Once again the intersection of NPR and politics has created a controversy. When Lisa Simeone, host of World of Opera was revealed to be acting as a spokesperson for an Occupy Wall Street inspired group in Washington D.C. - NPR decided to distance itself from the show by ending distribution. (The show will continue to be distributed by a local affiliate.) Bob spoke with Joyce Slocum, interim President and CEO of NPR about how and why that decision was made.
Covering the run-up to the Iraq War was not the American press's finest moment. There won't be nearly as much attention to the withdrawal as there was to the invasion, but covering the withdrawalwell might give the public a better sense of Iraq's future without American soldiers and what lessons to draw from the war. Bob spoke with Liz Sly, Baghdad bureau chief for the Washington Post who has covered Iraq for the better part of eight years.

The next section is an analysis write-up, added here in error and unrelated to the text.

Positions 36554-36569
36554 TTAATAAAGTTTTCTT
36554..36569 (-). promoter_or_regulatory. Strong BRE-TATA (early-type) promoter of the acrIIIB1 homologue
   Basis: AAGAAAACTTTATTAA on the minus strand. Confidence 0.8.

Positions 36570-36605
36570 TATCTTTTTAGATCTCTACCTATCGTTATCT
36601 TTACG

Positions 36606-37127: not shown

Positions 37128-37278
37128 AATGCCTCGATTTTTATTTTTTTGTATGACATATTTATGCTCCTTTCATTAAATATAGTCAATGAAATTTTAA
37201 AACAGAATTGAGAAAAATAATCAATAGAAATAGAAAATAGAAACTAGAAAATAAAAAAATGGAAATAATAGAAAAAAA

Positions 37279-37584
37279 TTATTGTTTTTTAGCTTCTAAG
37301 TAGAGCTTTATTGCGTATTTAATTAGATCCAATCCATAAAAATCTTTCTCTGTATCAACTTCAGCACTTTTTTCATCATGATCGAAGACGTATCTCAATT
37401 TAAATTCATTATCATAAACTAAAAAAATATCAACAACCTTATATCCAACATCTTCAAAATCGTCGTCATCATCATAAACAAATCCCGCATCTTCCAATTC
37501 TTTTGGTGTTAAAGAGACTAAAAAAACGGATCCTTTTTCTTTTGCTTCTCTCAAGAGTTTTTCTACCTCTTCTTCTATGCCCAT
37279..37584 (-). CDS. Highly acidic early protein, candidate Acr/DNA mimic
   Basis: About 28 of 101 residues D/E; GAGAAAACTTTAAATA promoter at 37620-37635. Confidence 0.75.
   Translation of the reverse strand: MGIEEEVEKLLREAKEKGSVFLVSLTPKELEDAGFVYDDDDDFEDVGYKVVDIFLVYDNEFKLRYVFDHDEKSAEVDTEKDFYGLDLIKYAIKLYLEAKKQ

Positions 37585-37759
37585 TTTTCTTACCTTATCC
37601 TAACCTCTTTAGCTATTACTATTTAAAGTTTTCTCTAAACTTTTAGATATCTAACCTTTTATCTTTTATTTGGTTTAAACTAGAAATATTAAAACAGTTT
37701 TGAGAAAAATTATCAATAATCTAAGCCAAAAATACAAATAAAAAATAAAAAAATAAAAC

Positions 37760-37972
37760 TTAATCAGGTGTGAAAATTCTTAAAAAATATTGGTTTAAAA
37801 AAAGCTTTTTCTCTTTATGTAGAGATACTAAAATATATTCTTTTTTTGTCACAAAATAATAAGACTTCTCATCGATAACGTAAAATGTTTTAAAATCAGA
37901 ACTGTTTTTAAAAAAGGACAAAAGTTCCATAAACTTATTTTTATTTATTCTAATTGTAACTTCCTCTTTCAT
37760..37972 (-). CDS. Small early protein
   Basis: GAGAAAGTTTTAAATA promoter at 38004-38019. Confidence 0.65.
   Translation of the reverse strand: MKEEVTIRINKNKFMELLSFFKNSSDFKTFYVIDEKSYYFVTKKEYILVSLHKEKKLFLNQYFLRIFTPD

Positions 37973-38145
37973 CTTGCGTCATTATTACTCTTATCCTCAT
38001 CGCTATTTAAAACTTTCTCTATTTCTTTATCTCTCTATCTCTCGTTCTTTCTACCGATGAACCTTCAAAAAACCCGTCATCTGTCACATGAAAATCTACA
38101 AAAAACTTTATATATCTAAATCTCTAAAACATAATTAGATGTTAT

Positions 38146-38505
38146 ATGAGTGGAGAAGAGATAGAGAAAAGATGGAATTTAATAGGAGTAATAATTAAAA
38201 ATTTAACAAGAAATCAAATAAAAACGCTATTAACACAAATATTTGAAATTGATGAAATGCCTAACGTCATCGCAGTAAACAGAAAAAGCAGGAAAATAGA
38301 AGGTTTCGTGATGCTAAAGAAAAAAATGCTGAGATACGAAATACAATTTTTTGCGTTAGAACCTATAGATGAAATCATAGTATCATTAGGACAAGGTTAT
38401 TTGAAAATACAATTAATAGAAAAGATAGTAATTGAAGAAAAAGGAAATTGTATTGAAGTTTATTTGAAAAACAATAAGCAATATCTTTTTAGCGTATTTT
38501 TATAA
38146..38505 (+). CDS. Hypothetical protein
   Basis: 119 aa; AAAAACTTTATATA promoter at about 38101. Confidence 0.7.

Currently, the government can avoid Freedom of Information Act requests in certain narrow circumstances by refusing to confirm or deny the existence of documents. But new rules proposed by the Department of Justice would allow the government to lie to requesters, saying that documents don't exist even when they do. Brooke talks to Michael German, Policy Council for the American Civil Liberties Union, about this proposed rule change.
The Stored Communications Act, passed 25 years ago this month, includes rules that make data stored on remote computers vulnerable to law enforcement subpoena without requiring a warrant. However, even though the law hasn't been changed by Congress, recent court decisions have made the government less likely to pursue this type of data without a warrant. Bob talks to Forbes privacy blogger Kashmir Hill about these developments.
Today, it is easier than ever to create and consume video, with billions of computers, TVs, and cell phones providing the world with access to the medium. This should be good news for television news, but according to veteran TV journalist Dave Marash American TV news is actually using less and less video. Brooke spoke with Marash about why American TV news is capping its lens.
One explanation that's been given for the increase in network news viewership is the variety of choices now available among the three major newscasts. Brooke spoke with Andrew Tyndall, who monitors the nightly newscasts of ABC, NBC and CBS on the Tyndall Report website. He says the days of the interchangeable newscast are over.